New and upgraded protected heritage status for a number of mosques in England celebrates the ‘rich heritage’ of Muslim communities.
Two London mosques have been given protected heritage status to recognise their historic, architectural and cultural importance.
Britain’s first purpose-built mosque, in Woking, Surrey, has also been given greater protection, with its listing upgraded to Grade I, and the first functioning mosque in the country, in Liverpool, now has Grade II* status.
Heritage Minister Michael Ellis said listing the mosques preserved important places of worship and celebrated the rich heritage of Muslim communities in England.
The London Central Mosque and Islamic Cultural Centre in Regent’s Park, built as a centre point for Muslim worship in London and a landmark of the faith in Britain, is newly listed at Grade II*.
The first fund for the new mosque was set up in 1910, and the Government under Winston Churchill offered the site as its location in the 1940s in recognition of the importance of Islam in an increasingly multi-cultural society and in the then-Empire.
But construction of the building, which combined British modernism with historic Islamic forms and has a prayer hall which can hold several thousand worshippers, a golden dome and a 44m high (144ft) minaret, did not start until 1970 and was completed seven years later.
The Fazl Mosque, Southfields, which was the first purpose-built mosque in London and only the second such building in Britain, has been given Grade II status.
It was constructed in 1925-26 with funds raised by the Ahmadiyya Community in India and supported by voluntary labour.
It is a fusion of Indian Mughal architectural forms and contemporary British trends, with the spherical dome on the buttressed square base resembling the 1923 twin towers at the Wembley Stadium, but does not have the Orientalist style of the earlier Woking mosque as it had become associated with theatres, piers and amusement arcades.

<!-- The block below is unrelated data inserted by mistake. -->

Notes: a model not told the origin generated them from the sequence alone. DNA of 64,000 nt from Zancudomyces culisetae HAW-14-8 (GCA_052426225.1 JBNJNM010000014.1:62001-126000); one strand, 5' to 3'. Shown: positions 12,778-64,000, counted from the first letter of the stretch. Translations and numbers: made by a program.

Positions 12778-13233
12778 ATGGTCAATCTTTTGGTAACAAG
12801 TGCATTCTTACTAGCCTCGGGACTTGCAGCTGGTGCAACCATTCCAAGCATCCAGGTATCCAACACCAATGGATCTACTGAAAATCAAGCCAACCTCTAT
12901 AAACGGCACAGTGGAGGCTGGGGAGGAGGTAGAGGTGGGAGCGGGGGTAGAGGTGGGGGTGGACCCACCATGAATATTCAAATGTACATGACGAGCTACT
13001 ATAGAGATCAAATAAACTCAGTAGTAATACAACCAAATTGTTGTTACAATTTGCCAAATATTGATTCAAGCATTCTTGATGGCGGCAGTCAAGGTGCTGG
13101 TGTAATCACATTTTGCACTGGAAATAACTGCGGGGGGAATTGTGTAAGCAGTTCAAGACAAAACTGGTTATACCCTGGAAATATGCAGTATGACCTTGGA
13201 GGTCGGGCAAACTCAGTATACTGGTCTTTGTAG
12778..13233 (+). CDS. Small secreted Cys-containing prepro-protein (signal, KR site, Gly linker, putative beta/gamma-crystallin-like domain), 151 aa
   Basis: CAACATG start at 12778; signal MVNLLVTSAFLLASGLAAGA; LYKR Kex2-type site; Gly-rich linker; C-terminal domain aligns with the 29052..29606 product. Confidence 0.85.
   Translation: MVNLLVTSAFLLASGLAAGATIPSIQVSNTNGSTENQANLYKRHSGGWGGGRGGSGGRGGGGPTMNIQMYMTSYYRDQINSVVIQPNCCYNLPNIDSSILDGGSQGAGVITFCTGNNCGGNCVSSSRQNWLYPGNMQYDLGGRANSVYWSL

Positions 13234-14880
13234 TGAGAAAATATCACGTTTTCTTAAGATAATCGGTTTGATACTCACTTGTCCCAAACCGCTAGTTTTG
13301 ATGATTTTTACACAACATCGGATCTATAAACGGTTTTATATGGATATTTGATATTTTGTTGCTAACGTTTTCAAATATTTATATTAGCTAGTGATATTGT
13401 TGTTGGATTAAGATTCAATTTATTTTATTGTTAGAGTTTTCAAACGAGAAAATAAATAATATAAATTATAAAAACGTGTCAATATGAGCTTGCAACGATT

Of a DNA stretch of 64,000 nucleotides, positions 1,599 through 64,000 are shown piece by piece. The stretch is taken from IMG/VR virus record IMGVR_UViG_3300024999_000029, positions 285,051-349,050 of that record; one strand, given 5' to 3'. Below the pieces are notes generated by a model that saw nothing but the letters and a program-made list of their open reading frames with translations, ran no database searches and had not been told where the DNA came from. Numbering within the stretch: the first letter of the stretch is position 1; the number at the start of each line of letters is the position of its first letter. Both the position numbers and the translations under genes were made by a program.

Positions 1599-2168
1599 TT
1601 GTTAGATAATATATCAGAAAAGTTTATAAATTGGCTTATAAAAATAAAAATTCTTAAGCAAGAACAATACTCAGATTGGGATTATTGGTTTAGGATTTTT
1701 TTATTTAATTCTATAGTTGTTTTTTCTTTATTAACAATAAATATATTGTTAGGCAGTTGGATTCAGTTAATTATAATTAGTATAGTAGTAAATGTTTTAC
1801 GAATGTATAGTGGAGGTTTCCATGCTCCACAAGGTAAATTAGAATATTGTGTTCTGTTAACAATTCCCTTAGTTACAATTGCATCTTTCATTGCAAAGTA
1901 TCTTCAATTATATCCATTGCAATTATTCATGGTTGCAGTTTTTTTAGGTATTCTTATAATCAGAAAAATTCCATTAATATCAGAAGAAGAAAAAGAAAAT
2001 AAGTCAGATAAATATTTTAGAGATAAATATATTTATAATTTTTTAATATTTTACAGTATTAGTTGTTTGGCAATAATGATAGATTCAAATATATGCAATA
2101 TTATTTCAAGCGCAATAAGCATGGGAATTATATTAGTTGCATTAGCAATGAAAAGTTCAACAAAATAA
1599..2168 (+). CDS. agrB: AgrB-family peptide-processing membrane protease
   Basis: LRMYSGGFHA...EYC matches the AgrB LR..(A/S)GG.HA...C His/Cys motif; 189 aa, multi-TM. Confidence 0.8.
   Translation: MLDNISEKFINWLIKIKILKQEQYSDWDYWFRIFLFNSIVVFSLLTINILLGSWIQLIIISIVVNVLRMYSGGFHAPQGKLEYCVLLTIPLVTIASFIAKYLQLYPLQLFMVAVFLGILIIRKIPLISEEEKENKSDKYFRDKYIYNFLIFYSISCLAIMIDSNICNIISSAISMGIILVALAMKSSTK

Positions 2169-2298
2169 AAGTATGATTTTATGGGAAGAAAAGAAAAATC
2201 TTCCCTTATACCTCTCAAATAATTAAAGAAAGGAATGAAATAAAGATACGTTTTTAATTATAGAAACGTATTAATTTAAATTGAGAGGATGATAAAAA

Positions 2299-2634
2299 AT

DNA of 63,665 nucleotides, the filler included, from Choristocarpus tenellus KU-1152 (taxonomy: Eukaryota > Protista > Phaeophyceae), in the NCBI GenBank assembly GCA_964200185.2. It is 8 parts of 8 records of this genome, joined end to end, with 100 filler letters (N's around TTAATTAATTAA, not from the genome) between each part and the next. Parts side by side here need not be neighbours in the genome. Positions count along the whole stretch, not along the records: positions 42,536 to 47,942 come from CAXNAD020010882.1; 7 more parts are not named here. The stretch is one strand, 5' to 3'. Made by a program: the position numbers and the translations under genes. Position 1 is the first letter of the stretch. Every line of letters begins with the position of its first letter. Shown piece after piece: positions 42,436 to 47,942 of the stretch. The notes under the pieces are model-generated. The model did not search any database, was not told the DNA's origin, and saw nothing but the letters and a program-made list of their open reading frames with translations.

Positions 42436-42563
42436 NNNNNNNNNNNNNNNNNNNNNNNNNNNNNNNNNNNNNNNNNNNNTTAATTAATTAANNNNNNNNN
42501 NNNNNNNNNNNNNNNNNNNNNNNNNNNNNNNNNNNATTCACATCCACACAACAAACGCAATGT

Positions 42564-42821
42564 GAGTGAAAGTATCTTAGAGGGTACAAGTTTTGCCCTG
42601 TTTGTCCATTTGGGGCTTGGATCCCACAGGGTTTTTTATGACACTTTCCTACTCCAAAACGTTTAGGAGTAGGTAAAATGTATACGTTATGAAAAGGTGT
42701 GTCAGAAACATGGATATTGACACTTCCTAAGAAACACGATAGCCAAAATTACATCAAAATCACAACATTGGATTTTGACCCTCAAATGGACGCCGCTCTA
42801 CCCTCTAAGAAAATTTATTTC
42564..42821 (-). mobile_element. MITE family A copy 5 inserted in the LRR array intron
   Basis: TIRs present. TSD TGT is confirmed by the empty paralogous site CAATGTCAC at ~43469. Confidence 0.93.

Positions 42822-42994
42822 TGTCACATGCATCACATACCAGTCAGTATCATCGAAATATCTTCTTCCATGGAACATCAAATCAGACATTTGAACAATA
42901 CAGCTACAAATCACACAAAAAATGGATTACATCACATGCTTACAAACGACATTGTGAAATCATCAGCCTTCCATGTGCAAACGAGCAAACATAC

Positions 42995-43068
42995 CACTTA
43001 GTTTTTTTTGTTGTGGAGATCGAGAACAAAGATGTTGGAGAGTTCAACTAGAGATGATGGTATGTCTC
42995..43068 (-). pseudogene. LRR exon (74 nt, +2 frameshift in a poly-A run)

The Shah Jahan mosque in Woking, which dates back to 1889, has been upgraded from Grade II* to become the only Grade I listed mosque in the country.
The Orientalist style mosque is now on the same standing such as Brighton Pavilion and Buckingham Palace, while the Salar Jung Memorial Hall which forms part of the complex is newly listed at Grade II.
Brougham Terrace, Liverpool, thought to be Britain’s first fully functioning mosque, has been upgraded to Grade II* status to reflect its importance in telling the story of the emergence of Islam in England.
The Georgian terraced house was bought in 1889 as a home for the Liverpool Muslim Institute, which was founded in 1887 by influential Muslim convert William Henry Quilliam.
And Howard Street Mosque, Bradford, which is already listed at Grade II, has had its entry on the heritage list updated to reflect its importance as a ‘house mosque’, converted from a home into a place of worship.
The new and upgraded listings, made by the Culture Department on the advice of Historic England, come as a result of research for the heritage agency’s new book The British Mosque.
Mr Ellis said: “Our historic buildings tell the story of Britain’s past and the people, places and events that shaped them.
“By listing these beautiful mosques, we are not only preserving important places of worship, but also celebrating the rich heritage of Muslim communities in England.”
Duncan Wilson, Historic England chief executive, said the mosques were “exceptional places of worship”.
“Through listing we are celebrating some of our most significant examples of Islamic heritage from the stunning Shah Jahan in Woking, the first purpose-built mosque in the country, to the landmark London Central Mosque in Regent’s Park.”
Comments on this story express the views of the commentator only, not Bailiwick Publishing. We are unable to guarantee the accuracy of any of those comments.
Once your comment has been submitted, it won’t appear immediately. There is no need to submit it more than once. Comments are published at the discretion of Bailiwick Publishing, and will include your username.
There are no comments for this article.